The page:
Skip to content Skip to footer

Money in Politics: Has Anything Changed Since the Days of Jack Abramoff?

After spending four years in a minimum security prison, the convicted Washington lobbyists Jack Abramoff is scheduled to go to a halfway house next month. The former B-movie filmmaker, anti-communist, college Republican became a powerful lobbyist in 1994. He had strong ties with then House majority leader Tom DeLay, Republican Karl Rove, anti-tax advocate Grover Norquist, and the Christian Coalition’s former head Ralph Reed.

After spending four years in a minimum security prison, the convicted Washington lobbyists Jack Abramoff is scheduled to go to a halfway house next month. The former B-movie filmmaker, anti-communist, college Republican became a powerful lobbyist in 1994. He had strong ties with then House majority leader Tom DeLay, Republican Karl Rove, anti-tax advocate Grover Norquist, and the Christian Coalition’s former head Ralph Reed.

Press play to listen to Your Call with Rose Aguilar: “Money in Politics: Has Anything Changed Since the Days of Jack Abramoff?”:

Press play to listen to Your Call with Rose Aguilar: “Money in Politics: Has Anything Changed Since the Days of Jack Abramoff?”:

In 2006, Abramoff was convicted of fraud, corrupting public officials, and tax evasion. His case became the subject of a lengthy federal probe, which turned the spotlight on the cozy relationship between K Street lobbyists and Congress. By the end of 2009, 20 ex-lobbyists, congressional aides, Bush administration officials, and then Congressman Bob Ney, Republican of Ohio, had been charged or convicted.

The new documentary “Casino Jack” connects the dots and follows the money between Jack Abramoff, members of Congress, and conservative activists.

Has anything changed since the days of Jack Abramoff? According to the non-partisan Center for Responsive Politics, there are more than 13,000 lobbyists in DC; that’s almost 25 lobbyists per politician. They spent nearly $1 billion on lobbying during the first three months of this year. The organizations and corporations that spent the most include the U.S. Chamber of Commerce ($30,897,500), PG&E ($25,820,000), and General Electric, owner of MSNBC ($8,290,000).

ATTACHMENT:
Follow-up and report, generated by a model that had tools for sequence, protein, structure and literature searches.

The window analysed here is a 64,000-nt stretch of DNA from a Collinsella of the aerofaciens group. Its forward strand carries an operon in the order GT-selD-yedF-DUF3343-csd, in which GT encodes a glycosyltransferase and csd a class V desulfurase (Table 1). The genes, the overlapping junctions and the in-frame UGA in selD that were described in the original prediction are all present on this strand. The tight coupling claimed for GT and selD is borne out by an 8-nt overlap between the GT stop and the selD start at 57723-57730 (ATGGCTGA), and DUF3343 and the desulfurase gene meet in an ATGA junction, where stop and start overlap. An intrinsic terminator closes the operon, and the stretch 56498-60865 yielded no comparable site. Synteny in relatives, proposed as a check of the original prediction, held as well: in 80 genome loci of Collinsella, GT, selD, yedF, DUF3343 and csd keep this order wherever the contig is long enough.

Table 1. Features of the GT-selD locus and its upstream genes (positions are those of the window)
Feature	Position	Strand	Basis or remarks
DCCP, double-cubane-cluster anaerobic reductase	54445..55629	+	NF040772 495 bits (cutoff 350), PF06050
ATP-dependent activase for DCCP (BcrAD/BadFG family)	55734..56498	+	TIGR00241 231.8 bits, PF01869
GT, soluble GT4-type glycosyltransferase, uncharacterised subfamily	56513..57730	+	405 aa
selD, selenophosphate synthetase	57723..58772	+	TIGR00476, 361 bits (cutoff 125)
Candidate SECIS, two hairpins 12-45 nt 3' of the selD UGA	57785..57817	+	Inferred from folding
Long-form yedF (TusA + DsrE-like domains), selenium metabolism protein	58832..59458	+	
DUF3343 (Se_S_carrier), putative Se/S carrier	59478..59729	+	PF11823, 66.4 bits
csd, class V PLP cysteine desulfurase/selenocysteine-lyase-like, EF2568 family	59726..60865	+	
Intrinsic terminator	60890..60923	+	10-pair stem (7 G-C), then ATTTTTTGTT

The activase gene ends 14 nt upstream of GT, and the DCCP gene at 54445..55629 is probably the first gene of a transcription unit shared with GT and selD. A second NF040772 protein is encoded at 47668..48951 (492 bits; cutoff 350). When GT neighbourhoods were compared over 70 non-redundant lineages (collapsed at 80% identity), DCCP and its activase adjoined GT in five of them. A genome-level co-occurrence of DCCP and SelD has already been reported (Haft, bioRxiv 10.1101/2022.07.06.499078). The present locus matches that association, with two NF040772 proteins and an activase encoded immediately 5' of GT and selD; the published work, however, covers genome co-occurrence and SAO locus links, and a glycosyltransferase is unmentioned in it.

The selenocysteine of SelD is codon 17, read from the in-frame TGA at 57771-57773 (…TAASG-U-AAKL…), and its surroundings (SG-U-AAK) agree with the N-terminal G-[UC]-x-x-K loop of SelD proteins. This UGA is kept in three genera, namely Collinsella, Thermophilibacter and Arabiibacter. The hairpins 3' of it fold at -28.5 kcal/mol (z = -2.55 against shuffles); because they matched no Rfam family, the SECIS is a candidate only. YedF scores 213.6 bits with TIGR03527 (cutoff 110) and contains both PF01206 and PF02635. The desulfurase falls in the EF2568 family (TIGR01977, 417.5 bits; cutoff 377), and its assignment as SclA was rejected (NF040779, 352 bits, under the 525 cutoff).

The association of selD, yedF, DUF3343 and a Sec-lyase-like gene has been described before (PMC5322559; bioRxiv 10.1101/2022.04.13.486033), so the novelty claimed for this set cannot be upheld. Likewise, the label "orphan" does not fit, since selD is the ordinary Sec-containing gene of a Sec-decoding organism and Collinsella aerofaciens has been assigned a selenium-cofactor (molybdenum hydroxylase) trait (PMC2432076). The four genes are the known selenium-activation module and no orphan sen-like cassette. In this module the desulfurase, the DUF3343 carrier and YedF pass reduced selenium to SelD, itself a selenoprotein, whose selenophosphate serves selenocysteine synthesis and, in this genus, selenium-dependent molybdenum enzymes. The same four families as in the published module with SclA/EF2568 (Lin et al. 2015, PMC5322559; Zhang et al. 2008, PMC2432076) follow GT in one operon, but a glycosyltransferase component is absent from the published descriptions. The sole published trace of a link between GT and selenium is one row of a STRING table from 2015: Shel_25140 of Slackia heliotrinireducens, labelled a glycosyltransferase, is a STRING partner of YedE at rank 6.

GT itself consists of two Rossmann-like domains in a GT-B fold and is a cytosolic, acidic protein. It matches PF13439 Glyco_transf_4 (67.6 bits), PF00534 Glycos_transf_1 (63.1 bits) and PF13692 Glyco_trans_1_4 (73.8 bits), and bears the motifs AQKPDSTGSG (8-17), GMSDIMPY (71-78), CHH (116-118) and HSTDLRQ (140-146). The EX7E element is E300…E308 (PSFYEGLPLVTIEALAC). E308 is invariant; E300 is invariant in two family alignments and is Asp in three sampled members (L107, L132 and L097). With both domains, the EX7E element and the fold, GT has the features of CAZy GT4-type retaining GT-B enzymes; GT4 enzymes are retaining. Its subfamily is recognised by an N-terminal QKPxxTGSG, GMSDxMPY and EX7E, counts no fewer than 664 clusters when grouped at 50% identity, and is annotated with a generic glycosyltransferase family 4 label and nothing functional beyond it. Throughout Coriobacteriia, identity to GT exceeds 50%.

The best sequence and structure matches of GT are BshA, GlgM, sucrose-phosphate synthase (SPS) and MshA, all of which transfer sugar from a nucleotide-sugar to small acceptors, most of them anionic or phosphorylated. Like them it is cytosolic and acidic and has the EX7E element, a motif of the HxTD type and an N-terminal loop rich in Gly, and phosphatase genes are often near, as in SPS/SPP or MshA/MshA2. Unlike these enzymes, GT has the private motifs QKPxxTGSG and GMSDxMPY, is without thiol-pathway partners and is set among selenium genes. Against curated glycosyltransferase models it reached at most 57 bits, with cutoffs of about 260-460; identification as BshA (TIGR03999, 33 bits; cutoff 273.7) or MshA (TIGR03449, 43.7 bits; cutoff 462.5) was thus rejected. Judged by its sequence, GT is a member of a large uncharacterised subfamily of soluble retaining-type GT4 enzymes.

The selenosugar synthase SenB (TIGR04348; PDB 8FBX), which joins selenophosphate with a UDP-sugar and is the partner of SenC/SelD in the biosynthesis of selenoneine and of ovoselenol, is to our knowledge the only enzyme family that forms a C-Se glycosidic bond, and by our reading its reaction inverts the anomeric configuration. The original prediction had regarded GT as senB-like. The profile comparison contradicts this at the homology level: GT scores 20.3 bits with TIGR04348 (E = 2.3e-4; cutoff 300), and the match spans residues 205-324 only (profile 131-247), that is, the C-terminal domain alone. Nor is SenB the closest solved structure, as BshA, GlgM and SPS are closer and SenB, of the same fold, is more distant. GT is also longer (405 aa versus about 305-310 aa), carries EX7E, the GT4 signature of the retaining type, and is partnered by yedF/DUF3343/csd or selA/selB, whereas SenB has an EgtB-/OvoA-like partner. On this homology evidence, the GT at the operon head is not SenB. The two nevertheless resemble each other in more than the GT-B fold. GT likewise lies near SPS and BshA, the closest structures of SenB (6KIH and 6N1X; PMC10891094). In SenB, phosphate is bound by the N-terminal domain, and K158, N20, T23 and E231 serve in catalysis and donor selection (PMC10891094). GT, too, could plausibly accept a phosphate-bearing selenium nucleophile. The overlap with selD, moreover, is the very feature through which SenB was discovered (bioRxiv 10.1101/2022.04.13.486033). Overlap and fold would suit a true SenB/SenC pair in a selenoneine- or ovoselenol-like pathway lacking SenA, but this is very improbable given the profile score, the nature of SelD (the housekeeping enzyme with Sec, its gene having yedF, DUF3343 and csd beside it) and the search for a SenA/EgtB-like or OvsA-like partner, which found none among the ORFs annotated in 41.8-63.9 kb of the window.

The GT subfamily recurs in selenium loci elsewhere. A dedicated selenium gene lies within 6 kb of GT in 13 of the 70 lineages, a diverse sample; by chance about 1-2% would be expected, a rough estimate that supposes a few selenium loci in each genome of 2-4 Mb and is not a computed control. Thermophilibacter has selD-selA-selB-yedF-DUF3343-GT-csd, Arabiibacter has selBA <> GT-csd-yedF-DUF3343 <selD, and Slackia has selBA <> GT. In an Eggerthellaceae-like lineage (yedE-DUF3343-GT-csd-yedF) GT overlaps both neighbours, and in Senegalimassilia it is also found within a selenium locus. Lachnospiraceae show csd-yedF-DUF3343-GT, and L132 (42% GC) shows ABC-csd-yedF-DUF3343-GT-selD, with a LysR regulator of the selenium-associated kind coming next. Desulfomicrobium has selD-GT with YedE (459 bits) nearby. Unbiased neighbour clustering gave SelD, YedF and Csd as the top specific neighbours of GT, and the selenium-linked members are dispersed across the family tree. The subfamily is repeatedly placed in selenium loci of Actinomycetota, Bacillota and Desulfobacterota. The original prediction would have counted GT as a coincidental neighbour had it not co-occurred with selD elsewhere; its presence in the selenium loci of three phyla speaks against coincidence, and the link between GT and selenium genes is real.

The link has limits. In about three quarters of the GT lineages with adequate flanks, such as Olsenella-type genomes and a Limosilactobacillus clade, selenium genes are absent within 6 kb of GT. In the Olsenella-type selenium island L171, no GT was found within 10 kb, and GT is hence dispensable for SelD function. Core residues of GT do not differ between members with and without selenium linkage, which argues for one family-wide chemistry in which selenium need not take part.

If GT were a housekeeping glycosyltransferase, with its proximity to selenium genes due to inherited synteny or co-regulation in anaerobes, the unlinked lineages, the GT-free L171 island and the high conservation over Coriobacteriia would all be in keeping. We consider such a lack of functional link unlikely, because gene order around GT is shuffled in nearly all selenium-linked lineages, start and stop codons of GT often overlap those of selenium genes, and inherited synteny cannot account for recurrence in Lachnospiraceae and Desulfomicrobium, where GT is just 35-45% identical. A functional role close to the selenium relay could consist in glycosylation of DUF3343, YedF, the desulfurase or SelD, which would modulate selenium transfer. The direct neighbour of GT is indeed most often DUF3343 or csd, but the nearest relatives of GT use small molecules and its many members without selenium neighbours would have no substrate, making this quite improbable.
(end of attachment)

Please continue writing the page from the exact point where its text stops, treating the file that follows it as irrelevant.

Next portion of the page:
Peter Stone has covered lobbying and money in politics for the National Journal since 1992. He’s written about Jack Abramoff since 2004. He’s author of “Casino Jack and the United States of Money,” and served as a consultant to the film by the same name.

Rose Aguilar is the host of Your Call, a daily call-in show on KALW 91.7 FM in San Francisco and KUSP 88.9 FM in Santa Cruz. Follow her on Twitter.

It takes longer to read this sentence than it does to support our work.

We don’t have much time left to raise the $15,000 needed to meet Truthout‘s basic publishing costs this month. Will you take a few seconds to donate and give us a much-needed boost?

We know you are deeply committed to the issues that matter, and you count on us to bring you trustworthy reporting and comprehensive analysis on the real issues facing our country and the world. And as a nonprofit newsroom supported by reader donations, we’re counting on you too. If you believe in the importance of an independent, free media, please make a tax-deductible donation today!